2020 set another record for the number of billion-dollar climate and weather-related disasters in the U.S, and each one seems to spawn another brood of scammers and disaster profiteers, often targeting older residents. What are your survival tips for that?

That's a great point. Increasingly, just as there are scammers on the internet every day, there are disaster scammers who come to you as you're standing there looking at the damage to your house and say, 'Hi, I'm Bob from FEMA [Federal Emergency Management Administration]. With a small down payment, I can get your repairs going. I could get your insurance refund going. Hi, I'm a building inspector from the state. If you give me a down payment, we'll start the reconstruction of your home."

And of course, this is all fraudulent.

There's a toll-free number where you can check these people out, where you can report these people [866-720-5721].

But here's the Number One rule: Nobody from FEMA will ever cold-call you and ask for money of any kind. Nor will they ask for personal information of any kind. Even if they have a jacket with a FEMA badge on it doesn't mean they're for real; you can order that stuff off the internet.

Brightly colored flooded homes after hurricane, book, climate change, Next Avenue
Houses line a flooded street after the effects of Hurricane Dorian arrived in Nassau, Bahamas in 2019   |  Credit: Photo by John Marc Nutt/Reuters via PBS NewsHour

One of the most under-discussed impacts from the warming climate are insect-borne diseases that can threaten you and your property. You cover that pretty extensively, from encephalitis to the Zika virus. Bugs are on the move, too, right?

They are. As the earth warms, the winters that used to kill off mosquitoes, ticks and beetles aren't cold enough and aren't long enough to kill them off.

Some of these insects have two cycles of birth per season now, instead of one. In the Pacific Northwest, it's these beetles that are killing a hundred thousand forest trees a day. And it's [a new species of] mosquitoes being found much farther north.

The ticks that carry Lyme disease are in many more areas and biting many more people. The CDC's [Centers for Disease Control and Prevention] latest numbers show that thirty thousand cases are reported a year in the Northeast and they suspect that's under-reported by ninety percent.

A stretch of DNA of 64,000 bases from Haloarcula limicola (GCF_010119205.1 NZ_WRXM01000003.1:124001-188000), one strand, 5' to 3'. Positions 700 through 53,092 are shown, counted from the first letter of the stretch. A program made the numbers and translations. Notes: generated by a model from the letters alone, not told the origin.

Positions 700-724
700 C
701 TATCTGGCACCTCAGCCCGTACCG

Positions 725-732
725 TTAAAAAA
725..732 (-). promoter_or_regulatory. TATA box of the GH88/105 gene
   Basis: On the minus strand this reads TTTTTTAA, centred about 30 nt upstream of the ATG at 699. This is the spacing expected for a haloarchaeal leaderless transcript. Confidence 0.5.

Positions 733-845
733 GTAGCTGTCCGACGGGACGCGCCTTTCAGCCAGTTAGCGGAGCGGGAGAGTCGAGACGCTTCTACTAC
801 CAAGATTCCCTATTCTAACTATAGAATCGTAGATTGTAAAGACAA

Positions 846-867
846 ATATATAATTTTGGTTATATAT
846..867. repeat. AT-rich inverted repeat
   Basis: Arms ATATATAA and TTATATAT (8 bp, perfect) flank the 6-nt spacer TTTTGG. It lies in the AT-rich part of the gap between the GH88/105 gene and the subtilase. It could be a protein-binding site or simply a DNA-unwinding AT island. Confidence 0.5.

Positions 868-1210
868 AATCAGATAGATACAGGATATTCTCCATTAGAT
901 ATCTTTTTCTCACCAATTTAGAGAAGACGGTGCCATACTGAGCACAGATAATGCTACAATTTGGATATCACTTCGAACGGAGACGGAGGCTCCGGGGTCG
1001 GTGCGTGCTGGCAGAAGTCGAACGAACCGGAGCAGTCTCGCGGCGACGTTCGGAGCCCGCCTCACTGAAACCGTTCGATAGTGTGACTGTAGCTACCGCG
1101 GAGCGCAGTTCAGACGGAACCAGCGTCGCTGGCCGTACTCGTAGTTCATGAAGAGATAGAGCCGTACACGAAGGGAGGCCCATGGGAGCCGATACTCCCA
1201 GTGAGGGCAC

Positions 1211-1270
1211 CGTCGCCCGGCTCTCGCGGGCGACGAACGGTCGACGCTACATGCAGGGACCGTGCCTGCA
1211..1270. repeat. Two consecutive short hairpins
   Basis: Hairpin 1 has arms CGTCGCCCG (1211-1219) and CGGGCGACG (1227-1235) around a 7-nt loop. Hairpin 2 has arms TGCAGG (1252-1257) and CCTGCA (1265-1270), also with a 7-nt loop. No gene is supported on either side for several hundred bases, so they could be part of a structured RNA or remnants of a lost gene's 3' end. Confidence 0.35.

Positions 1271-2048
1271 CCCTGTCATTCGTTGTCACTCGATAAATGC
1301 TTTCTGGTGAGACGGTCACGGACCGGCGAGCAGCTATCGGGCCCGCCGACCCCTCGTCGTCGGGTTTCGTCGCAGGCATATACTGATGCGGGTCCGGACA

And that's just Lyme disease.  There are lots of other really nasty diseases that these things can bring you.

It's actually fairly simple to protect yourself: any bug repellent with DEET. It's not poisonous, it doesn't kill anything. It's just a repellent. And it's one of the most studied chemicals in the world. It's completely safe for you and your kids. Put that stuff on and the ticks won't grab onto you.

I thought I'd covered most impacts of climate breakdown but...kidney stones?

Until very recently, I had very little hope — and a lot of cynicism.

Oh man, this is a personal topic for me. One in nine gentlemen will get a kidney stone at some point, and it is the worst. And we are getting more kidney stones, and it's simply because of dehydration: hotter weather, warmer weather, we dry out faster and statistically, any population that's hotter and dryer will have more kidney stones.

And the Pogue prescription for that?

Ah, the Pogue prescription is the one thing science has found: Drink lemon water every single day.

Fill up your water bottle and then put a couple tablespoons of lemon juice in it. It turns out that the lemon water creates a hostile environment for these stones to develop in your kidneys and has been shown to be fifty percent effective at warding off another one.

Your final chapter is titled, 'Where to Find Hope.' I've discovered that the more I learn about climate breakdown, the harder it is to be optimistic. Where do you find your hope?

Until very recently, I had very little hope — and a lot of cynicism. The climate breakdown was so visible and measurable, but humanity just didn't seem to care. It felt like being in a bus headed for the cliff, but the driver chooses not to step on the brake.

I was devastated knowing that each passing week was making my children's future lives harder.

I feel like that's changed in the last year. Much too late, of course — we should have started years ago. But in the last twelve months or so, a huge number of the world's corporations, investors and even governments have made fairly stunning pledges to reduce emissions.

Meanwhile, the numbers make it clear where we're going with energy: Solar power is nine times cheaper — and wind power forty percent cheaper — than ten years ago. Eighty percent of planned coal plants in Asia's developing companies have been canceled and no more coal plants are scheduled for the U.S.

And General Motors — General Motors — announced that it will become an all-electric-car company by 2035.

Those are big, meaningful changes by big, meaningful players and better yet, they send a signal to all the other players that the tide has turned. 

All of this is pretty anxiety-inducing, and you even write about that as a climate impact.

Yeah. That's a big one. My editor refers to "How to Prepare for Climate Change" as the first uplifting book about climate change. Because the entire premise is: Depression is not just being in a bad situation, it's being in a bad situation and feeling like you can't do anything about it. So that's the really big cause of anxiety and stress. And the act of taking some control over your situation —any of the things suggested in this book about how to protect yourself from climate change — is taking action [toward] feeling better.

Photograph of Craig Miller
Craig Miller is a veteran journalist based in the northern Catskills of New York. His reporting is focused on climate science and policy, energy and the environment. In 2008 Miller launched and edited the award-winning Climate Watch multimedia initiative for KQED in San Francisco, where he remained a science editor until August of 2019. He’s also a proud member of his local volunteer fire department.